Hillary’s unbreakable bond with Bibi and her commitment to fight for Israel

Hillary Clinton writes: I will do everything I can to enhance our strategic partnership and strengthen America’s security commitment to Israel, ensuring that it always has the qualitative military edge to defend itself. That includes immediately dispatching a delegation of the Joint Chiefs of Staff to meet with senior Israeli commanders. I would also invite the Israeli prime minister to the White House in my first month in office.

The dangers facing both our nations in the Middle East require bold and united responses. We must remain committed to preventing Iran from ever acquiring a nuclear weapon, and to vigorously enforcing the new nuclear agreement. I would move to step up our partnership to confront Iran and its proxies across the region, and make sure dangerous Russian and Iranian weapons don’t end up in Hezbollah’s hands or threaten Israel. I also will combat growing efforts to isolate Israel internationally and to undermine its future as a Jewish state, including the Boycott, Divestment and Sanctions movement. I’ve spoken out against BDS in the United States and at the U.N., and will continue to do so.

For me, fighting for Israel isn’t just about policy — it’s a personal commitment to the friendship between our peoples and our vision for peace and security. [Continue reading…]


Iran deal furor reveals a split among Jewish Americans

Lisa Goldman reports: The frenzied lobbying in Washington over the international deal to limit Iran’s nuclear program has drawn attention to two unprecedented ruptures — both of which potentially have significant long-term consequences for Israel’s place in U.S. domestic politics.

For decades, unconditional support for Israel had been a point of unshakable bipartisan consensus inside the Beltway, even as bipartisanship on most other issues became a distant memory. A majority of Jewish voters continue to choose the Democrats; deep-pocketed Jewish donors remain vital to the electoral prospects of candidates from both parties, but partisan distinctions meant little when it came to Israel. And the pro-Israel lobbying establishment, first and foremost the America Israel Public Affairs Committee (AIPAC) has always worked hard to span the aisle on Capitol Hill, while political leaders from both parties routinely pay tribute to the lobbying group at its annual convention.

The Iran nuclear deal has thrown that consensus into crisis, leaving Jewish Americans divided between a Democratic-voting majority that polls show support the Iran deal (in numbers proportionally larger than the wider U.S. population) and a conservative minority that includes some very powerful donors, and supports the GOP-led opposition to the deal. And AIPAC’s leading role in campaigning against the deal has prompted President Barack Obama to publicly challenge the group in a manner unprecedented for a U.S. leader over the past two decades. [Continue reading…]


Israel could lose America’s Democrats for a generation

James Traub writes: Last week, I went to hear Secretary of State John Kerry defend the Iran nuclear deal at the Council on Foreign Relations. Richard Haass, president of the organization, began by asking Kerry to explain what “we have gained by this agreement.” The first thing the secretary said was that he was “very proud” of his “100 percent voting record for Israel” as a senator. The second thing he said was that nobody had worked harder than he had to bring peace to the Middle East. The third thing was, “I consider Bibi” — Israeli Prime Minister Benjamin Netanyahu — “a friend.” What we have gained, Kerry summed up, is “safety and security … for Israel and the region.”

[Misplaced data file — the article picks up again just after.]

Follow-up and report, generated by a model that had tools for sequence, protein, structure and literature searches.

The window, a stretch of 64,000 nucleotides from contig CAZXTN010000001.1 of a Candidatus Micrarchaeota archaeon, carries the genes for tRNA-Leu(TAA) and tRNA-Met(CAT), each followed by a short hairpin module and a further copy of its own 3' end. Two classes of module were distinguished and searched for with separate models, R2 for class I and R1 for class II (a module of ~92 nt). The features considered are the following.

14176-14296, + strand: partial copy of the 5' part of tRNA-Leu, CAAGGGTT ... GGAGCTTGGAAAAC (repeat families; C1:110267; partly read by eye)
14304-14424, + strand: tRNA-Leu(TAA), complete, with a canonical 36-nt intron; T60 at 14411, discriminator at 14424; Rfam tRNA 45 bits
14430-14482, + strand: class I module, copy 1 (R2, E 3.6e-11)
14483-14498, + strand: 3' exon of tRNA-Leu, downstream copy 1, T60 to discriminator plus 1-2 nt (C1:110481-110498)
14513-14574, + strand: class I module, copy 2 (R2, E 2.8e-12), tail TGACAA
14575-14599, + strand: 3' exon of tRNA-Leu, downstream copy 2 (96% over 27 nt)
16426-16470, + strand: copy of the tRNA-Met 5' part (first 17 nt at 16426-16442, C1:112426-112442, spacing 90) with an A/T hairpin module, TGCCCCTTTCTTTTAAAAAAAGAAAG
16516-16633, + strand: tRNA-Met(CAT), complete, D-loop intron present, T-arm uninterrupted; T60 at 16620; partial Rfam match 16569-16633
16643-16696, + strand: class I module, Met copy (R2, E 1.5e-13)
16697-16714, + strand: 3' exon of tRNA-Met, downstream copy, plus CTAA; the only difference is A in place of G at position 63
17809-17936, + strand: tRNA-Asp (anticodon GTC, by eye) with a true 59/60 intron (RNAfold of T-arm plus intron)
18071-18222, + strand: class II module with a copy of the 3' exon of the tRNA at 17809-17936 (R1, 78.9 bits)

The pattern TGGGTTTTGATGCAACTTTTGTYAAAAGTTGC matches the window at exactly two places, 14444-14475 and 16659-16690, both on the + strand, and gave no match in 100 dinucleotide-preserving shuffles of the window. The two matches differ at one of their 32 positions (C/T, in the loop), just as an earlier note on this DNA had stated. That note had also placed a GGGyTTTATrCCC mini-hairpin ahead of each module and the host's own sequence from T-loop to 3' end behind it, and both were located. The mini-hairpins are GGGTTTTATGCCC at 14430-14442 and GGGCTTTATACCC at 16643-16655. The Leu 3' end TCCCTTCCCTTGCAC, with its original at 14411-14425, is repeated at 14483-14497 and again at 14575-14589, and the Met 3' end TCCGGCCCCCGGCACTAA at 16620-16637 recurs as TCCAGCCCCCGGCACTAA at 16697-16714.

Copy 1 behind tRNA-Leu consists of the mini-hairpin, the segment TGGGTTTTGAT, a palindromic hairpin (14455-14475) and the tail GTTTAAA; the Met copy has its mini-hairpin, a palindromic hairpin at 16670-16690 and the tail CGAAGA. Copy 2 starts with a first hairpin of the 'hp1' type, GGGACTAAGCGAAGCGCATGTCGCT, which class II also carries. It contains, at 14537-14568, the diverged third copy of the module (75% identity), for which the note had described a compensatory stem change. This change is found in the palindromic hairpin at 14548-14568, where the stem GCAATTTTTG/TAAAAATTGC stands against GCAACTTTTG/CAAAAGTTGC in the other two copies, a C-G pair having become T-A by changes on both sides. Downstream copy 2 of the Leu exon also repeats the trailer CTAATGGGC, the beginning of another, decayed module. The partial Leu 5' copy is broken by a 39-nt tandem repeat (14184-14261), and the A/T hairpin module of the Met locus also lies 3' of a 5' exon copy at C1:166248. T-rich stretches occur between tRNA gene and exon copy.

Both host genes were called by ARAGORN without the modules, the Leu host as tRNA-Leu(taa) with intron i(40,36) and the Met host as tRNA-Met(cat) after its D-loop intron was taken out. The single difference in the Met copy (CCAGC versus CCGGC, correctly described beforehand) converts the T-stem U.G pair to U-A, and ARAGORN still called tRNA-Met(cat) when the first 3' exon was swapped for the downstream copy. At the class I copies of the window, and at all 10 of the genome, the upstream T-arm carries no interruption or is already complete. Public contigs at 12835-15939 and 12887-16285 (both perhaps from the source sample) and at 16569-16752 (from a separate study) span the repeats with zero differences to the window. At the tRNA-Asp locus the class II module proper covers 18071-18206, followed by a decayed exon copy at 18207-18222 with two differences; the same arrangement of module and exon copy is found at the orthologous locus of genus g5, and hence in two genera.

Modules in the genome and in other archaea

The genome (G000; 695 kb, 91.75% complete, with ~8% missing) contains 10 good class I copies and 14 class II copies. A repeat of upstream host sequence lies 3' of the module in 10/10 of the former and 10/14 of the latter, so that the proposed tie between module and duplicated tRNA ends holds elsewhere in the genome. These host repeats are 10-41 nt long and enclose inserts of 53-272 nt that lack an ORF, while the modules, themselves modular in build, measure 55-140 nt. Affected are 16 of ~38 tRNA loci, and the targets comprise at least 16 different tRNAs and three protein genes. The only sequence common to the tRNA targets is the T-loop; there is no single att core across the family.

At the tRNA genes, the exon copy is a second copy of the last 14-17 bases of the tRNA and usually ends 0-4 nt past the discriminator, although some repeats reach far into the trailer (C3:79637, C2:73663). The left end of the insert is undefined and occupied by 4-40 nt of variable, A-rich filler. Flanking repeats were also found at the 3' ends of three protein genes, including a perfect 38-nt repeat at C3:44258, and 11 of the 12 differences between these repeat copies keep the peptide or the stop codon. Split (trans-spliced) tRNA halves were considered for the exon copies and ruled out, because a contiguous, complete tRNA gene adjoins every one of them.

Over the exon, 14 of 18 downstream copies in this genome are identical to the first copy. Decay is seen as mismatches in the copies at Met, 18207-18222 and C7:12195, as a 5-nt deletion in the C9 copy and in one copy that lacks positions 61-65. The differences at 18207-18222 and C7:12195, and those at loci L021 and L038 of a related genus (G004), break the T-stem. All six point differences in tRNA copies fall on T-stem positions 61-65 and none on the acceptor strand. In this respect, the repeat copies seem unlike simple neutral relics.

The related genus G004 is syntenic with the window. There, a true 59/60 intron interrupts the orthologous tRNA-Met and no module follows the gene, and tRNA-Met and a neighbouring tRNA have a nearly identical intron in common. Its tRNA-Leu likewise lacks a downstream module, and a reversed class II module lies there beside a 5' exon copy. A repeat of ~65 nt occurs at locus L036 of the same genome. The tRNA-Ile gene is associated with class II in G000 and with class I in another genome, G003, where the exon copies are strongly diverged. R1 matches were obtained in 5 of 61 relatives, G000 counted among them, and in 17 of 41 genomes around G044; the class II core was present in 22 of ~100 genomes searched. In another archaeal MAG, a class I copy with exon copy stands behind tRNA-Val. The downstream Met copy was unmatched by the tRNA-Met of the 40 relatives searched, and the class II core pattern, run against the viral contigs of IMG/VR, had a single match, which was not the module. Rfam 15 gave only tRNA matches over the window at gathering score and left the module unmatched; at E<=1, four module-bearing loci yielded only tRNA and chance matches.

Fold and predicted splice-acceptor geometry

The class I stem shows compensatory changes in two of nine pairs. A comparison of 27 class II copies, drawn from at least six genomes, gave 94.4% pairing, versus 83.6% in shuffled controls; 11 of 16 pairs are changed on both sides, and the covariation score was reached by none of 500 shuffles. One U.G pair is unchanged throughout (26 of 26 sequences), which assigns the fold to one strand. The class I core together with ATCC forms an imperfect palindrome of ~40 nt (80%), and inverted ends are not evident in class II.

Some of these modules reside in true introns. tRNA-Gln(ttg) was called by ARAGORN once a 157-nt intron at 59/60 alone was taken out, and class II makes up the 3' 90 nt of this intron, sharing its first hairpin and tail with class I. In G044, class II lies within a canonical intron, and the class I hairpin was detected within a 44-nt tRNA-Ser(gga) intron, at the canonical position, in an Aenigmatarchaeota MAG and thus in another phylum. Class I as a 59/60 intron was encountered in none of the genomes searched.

I found it astonishing that Kerry had answered a question about the most consequential diplomatic agreement the United States has signed over the last four decades as if he were the foreign minister of another country. Wasn’t the “we” in question “the American people”? Of course, Kerry’s political instincts were perfectly accurate. He knows that he and President Barack Obama don’t need to persuade the Democratic left of the deal’s merits and needn’t bother trying to convert Republican conservatives. He needs to reach the people who view American national security as not just inextricable but indistinguishable from Israeli security.

On the way out, I saw once such personage and asked, jokingly, whether he had come around on the deal. He hadn’t, of course, but he conceded that he would have to live with it. On the other hand, he added darkly, he knew very well what would happen if Congress voted against the agreement and then overrode Obama’s veto: “They’ll blame the Jews.”

No, they won’t. Most Americans who hate the Jews also hate Obama and Iran, and so will be happy to see the deal go up in smoke. Maybe they’ll thank the Jews. What will happen, though, if Congress overrides Obama’s veto — thus destroying the signal foreign-policy achievement of his tenure, humiliating the president before the world, and triggering a race for nuclear weapons capacity in Iran and across the Middle East — is that Democrats will blame Netanyahu and Israel. And it won’t just be the American left, which already regards Israel as an occupying power. The fraying relationship between Israel and the Democratic Party will come apart altogether. Pro-Israel Democrats like Hillary Clinton will have to begin calculating how high a price they’re prepared to pay for their continued support. [Continue reading…]